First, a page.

Tonawanda News — Laying with your head at the opposite end of the bed at 4 a.m. — one child’s feet in your face, the other child laying in between your legs while doing power sit-ups — you tend to have a lot of time to think.
Staring up into the darkness — because not even the sun would think to be awake this early — you enter a zen-like state. This sleep-deprived cross between absolute understanding and insanity offers a fuzzy escape from the reality that, for the 13th time in the past two weeks, at least one of the kids has declined the option to sleep until a normal hour.
Oh ... man.
I’m not sure why Penny and Rigby enjoy sleeping in our bed many nights. I certainly recall preferring the solitude and space of my own bed at their age to climbing in with my parents. But they certainly do make many nights ... interesting.
7 p.m. — Bedtime. Penny gets snugly tucked into her princess bed. Rigby sets his bedding up on the floor next to his fire truck bed.
7:20 p.m. — Rigby’s tossed and turned more times than the chefs on a crepe-themed episode of “Hell’s Kitchen.” He attempts to climb me while I’m sitting on the chair next to his bed.
7:27 p.m. — I’m denying him, but he has the spirit of a Mount Everest conqueror as he keeps trying to climb.
7:30 p.m. — He asks to go in my bed, saying it’s “super comfy.”
7:34 p.m. — Penny wakes up, asks us to “be quiet so I don’t fall asleep at school tomorrow.” I make a mental note to inquire whether she fell asleep at school yesterday.
7:35 p.m. — I don’t want her to wake up, so I lay down next to Rigby on the floor in his room. He has to be trained out of relying on my bed, after all.
7:38 p.m. — He yanks the cover off of me, saying he is chilly, and wraps himself in it. He certainly is his mother’s son.
7:45 p.m. — He’s finally asleep. I head downstairs to begin cooking dinner and enjoy the next delightful episode of “Homeland” (if you don’t get Showtime, then you should).
8:27 p.m. — Just as Mandy Patinkin is about to lay the smack down on Syrian smugglers, Penny calls for help. Seems she had a bad dream. I tuck her back in and sit next to her a minute while she falls back asleep.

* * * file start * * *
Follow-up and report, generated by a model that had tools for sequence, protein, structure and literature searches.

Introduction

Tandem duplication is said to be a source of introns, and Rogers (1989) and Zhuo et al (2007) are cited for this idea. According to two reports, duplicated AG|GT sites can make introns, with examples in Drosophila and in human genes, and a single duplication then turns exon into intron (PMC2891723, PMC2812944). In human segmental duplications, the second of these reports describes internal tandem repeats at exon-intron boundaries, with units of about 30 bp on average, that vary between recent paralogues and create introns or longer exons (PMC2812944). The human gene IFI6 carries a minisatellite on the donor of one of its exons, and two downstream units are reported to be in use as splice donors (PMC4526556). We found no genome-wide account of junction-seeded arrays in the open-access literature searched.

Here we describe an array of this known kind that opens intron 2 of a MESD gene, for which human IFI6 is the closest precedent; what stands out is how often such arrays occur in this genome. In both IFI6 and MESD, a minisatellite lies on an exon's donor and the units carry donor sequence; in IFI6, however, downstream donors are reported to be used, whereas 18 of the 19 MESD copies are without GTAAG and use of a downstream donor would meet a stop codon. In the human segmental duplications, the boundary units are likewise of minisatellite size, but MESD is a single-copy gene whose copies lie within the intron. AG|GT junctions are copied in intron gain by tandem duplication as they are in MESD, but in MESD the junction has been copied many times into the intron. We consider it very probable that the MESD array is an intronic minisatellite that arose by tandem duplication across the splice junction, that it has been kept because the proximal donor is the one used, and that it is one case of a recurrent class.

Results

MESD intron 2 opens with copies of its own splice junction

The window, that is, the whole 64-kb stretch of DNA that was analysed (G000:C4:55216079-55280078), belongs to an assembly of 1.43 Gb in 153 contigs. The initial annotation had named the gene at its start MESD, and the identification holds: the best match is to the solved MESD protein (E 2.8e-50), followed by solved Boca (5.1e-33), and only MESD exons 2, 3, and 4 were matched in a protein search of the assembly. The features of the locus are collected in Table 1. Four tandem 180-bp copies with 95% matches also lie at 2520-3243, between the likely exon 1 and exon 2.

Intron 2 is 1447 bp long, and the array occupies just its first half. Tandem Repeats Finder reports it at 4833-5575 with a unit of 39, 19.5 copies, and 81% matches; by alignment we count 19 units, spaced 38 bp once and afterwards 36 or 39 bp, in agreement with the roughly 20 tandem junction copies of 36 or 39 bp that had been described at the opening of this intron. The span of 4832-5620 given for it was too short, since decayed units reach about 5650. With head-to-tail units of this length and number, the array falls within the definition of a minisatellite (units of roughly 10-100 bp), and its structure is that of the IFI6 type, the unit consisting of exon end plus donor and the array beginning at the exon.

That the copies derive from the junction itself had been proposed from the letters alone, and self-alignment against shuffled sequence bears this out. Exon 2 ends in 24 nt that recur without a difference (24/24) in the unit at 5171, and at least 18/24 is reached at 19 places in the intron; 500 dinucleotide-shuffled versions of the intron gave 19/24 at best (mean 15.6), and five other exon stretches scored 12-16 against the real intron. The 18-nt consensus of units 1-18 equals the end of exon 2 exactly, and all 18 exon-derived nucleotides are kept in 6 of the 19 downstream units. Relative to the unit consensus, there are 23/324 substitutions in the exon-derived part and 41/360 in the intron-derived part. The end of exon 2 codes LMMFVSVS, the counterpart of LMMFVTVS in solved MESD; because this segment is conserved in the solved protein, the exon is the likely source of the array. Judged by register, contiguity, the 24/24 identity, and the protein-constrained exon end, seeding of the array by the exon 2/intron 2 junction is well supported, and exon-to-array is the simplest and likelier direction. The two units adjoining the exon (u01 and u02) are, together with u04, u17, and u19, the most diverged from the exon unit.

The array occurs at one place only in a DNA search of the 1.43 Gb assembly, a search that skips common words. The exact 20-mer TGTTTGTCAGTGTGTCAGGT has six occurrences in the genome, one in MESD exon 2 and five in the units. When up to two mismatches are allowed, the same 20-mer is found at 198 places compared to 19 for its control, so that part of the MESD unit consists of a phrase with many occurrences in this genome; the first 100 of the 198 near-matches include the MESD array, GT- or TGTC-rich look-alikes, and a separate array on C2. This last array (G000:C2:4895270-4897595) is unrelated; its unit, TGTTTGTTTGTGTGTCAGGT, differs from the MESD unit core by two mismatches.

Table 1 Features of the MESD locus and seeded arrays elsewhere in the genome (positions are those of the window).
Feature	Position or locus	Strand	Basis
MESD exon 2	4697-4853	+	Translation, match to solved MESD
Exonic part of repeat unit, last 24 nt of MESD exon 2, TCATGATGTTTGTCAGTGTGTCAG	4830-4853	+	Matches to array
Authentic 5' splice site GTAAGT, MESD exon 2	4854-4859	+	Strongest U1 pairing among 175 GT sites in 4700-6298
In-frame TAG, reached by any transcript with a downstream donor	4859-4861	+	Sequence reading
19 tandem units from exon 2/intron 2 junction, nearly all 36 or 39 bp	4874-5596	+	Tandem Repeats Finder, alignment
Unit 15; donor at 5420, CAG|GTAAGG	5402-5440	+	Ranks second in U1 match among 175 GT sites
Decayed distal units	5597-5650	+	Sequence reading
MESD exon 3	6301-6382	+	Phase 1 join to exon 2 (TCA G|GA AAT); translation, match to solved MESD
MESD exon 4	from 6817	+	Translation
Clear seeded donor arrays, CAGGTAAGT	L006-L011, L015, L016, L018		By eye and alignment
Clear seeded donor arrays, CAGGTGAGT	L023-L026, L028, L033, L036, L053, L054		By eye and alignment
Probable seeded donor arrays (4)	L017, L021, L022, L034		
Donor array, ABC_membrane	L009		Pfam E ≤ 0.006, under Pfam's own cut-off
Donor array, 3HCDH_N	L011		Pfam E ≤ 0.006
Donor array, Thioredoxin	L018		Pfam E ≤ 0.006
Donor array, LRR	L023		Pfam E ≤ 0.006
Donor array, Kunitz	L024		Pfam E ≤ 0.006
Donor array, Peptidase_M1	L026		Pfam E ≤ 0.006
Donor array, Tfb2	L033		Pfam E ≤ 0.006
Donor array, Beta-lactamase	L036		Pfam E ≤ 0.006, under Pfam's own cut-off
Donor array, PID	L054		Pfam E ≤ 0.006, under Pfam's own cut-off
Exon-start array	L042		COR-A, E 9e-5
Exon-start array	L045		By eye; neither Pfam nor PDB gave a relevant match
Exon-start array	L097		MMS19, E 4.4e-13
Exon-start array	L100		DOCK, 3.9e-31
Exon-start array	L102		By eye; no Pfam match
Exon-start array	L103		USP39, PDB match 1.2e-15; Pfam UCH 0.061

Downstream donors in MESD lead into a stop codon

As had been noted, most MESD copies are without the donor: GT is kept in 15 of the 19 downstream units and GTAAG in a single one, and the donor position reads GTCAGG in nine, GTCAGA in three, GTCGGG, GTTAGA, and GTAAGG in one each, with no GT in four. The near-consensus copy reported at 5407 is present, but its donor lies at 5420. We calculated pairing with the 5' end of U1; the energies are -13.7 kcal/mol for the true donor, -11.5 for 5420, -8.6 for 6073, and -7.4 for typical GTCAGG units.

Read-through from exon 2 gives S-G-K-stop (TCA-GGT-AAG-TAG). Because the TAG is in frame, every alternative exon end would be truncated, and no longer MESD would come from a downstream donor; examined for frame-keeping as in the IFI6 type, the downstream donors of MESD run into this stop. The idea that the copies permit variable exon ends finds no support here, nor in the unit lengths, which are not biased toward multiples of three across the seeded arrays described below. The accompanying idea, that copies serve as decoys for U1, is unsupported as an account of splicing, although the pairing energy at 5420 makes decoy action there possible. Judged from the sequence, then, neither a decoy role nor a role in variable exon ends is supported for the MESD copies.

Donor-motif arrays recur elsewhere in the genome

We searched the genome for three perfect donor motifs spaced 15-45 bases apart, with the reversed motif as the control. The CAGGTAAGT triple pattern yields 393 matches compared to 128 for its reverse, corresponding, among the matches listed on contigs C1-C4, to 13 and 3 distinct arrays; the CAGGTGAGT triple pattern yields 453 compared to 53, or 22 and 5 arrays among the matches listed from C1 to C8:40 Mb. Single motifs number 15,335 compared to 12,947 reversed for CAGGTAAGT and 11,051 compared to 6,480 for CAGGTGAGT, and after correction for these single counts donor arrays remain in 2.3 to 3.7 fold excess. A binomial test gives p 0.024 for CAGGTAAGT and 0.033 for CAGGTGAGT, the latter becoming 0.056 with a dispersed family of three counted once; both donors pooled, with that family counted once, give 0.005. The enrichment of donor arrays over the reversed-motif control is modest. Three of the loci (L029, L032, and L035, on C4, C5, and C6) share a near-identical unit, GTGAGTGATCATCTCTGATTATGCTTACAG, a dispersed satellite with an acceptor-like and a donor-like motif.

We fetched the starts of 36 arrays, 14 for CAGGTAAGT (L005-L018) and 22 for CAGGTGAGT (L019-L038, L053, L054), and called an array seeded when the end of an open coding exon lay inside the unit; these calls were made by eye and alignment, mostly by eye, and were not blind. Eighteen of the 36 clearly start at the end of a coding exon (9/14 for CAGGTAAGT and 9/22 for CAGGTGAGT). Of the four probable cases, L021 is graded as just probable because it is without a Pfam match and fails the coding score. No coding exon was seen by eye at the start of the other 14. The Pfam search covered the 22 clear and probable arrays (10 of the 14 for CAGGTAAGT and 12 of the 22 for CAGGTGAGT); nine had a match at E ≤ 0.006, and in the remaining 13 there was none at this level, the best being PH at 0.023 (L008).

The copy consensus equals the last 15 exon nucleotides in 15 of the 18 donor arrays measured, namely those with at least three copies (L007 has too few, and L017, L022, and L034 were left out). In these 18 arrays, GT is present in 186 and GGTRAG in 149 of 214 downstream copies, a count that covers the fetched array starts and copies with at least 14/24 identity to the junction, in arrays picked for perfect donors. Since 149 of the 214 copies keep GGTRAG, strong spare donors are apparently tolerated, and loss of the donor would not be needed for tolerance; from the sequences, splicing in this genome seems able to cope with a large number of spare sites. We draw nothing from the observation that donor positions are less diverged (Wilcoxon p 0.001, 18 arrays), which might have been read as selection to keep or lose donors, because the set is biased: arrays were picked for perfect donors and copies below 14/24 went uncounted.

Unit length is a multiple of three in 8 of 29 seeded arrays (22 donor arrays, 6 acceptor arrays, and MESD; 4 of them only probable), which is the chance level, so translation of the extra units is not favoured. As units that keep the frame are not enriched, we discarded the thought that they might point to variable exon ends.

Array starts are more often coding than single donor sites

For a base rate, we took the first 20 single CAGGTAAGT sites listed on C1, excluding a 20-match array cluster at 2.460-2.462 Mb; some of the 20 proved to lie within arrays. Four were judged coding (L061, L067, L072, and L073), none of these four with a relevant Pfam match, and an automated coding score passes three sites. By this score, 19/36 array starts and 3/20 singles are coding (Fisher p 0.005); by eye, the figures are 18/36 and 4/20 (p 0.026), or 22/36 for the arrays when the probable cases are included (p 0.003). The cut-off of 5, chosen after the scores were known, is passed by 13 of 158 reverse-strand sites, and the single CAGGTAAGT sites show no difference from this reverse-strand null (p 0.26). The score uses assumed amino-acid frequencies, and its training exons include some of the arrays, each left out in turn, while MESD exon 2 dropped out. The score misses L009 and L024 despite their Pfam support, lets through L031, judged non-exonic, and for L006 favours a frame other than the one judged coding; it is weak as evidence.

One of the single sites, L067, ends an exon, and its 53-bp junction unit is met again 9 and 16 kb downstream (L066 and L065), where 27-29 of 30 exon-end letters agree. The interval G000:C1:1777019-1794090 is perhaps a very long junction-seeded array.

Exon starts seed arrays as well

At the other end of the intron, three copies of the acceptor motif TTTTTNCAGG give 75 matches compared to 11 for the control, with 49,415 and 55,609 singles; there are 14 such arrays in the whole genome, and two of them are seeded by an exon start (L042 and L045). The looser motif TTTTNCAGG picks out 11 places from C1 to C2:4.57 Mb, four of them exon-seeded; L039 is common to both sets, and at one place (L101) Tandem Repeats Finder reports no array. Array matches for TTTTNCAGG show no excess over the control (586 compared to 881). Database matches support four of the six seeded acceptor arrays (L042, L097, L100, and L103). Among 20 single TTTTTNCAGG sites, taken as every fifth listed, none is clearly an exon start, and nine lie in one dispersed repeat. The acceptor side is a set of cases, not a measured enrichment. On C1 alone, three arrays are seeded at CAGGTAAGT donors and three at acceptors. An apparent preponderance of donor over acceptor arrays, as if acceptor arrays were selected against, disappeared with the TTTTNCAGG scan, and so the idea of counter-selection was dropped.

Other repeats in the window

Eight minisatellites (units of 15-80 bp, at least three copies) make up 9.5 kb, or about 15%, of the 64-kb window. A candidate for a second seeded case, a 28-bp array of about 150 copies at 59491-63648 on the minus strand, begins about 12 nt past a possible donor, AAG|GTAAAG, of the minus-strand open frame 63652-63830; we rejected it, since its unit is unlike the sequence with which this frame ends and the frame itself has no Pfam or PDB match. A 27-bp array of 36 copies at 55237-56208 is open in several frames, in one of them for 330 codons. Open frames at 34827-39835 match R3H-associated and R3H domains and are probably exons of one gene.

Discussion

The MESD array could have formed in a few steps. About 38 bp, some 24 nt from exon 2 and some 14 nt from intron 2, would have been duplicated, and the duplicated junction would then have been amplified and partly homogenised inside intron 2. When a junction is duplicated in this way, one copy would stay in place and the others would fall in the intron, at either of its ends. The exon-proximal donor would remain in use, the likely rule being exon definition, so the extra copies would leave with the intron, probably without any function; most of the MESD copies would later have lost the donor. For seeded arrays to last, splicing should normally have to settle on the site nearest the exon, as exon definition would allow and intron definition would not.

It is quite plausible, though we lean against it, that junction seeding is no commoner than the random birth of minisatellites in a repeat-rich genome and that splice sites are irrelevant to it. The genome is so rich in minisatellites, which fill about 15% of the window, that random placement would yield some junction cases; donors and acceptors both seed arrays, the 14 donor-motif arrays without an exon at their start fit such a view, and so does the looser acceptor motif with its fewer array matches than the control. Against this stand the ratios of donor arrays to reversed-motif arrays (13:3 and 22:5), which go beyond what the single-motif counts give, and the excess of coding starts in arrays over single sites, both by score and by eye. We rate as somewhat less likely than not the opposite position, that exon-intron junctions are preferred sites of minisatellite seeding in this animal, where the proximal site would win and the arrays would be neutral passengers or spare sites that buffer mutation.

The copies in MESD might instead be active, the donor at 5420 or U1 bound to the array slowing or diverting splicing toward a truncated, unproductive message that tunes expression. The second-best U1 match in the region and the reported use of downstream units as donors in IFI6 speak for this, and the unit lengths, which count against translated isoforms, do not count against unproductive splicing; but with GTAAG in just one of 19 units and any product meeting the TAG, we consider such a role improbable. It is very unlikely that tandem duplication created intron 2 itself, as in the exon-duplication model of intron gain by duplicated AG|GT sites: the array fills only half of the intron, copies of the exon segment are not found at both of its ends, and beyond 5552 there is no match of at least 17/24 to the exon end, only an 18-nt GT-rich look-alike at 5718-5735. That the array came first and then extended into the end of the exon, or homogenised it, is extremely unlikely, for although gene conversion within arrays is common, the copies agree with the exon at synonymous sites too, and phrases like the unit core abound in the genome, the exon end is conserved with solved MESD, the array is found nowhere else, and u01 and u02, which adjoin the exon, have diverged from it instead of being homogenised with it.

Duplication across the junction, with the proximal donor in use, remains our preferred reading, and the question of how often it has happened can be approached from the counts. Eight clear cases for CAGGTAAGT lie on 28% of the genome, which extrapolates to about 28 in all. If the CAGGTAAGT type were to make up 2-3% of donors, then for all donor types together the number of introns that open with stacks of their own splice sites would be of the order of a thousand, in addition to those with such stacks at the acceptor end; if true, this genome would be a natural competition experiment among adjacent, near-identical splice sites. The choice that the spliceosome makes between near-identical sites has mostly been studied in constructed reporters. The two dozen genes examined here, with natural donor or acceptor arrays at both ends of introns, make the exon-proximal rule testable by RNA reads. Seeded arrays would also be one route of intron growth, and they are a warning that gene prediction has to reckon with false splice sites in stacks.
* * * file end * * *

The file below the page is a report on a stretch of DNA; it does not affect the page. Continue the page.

8:34 p.m. — I make my way back downstairs. But wait, Rigby’s not next to his bed. I check my bed. There he is, laying horizontally across all the pillows. Well, he gets credit for determination.
9:40 p.m. — He wakes up and calls for Mommy.
9:52 p.m. — He wakes up and calls for me.
9:58 p.m. — He wakes up and ... well, Mommy is throwing in the towel and staying up there with him for the night. I tend to a few errands before bed.
10:45 p.m. — I see Mommy’s act wasn’t entirely altruistic. She was thinking ahead to how scarce bed space would be with an adult and toddler boy in it.
10:52 p.m. — I finish wedging myself into the half-foot or so of space available along the wall. My back is pressed flat against the wall. Rigby stole my pillows. And the wall is really chilly.
1:12 a.m. — Rigby has to pee. I try to get up, but Penny decided to join us in the bed, and she’s dead asleep on my right ankle — which is also now dead asleep, thanks to her laying across it.
1:18 a.m. — Back to bed. Penny’s usurped the small ration of blanket Mommy didn’t hoard. That’s why I began bringing a second comforter into bed during the colder months years ago.
2:25 a.m. — A crick in my neck awakens me. Rigby stole my comforter. Yes, the entire comforter. I don’t even know where he’s hiding it.
4 a.m. — Rigby wakes me up, says he’s not comfortable and makes me turn around so that both our heads are at the foot of the bed. I bring a pillow. He takes it.
4:10 a.m. — Penny kicks me in the face with a ferocity that’d make David Beckham take notice. Thankfully I was still awake.
4:25 a.m. — Rigby’s still awake. He’s entered the dreaded too tired-to-fall-back-asleep phase. No amount of cajoling can prevent what comes next.
4:35 a.m. — I get up to take him downstairs. Mommy takes a lot of turns with him for this, but today is mine. No worries, though, Rigger Man. Not like I have to work until midnight or anything.
4:55 a.m. — Rigby is eating breakfast, so I write a Crib Notes column in an effort not to waste time. I tried in vain to convince Rigby he’d just feel tired in four hours (which he did) and he’d fall asleep by the early afternoon (which he did), but it didn’t matter. Once again, we woke up even before even most of the teachers and early morning newscasters.
But hey, we did it yesterday, so we can do it again today. There are only, what, 20 hours left until I can go to bed.
Oh ... man.Contact Paul Lane at firstname.lastname@example.org.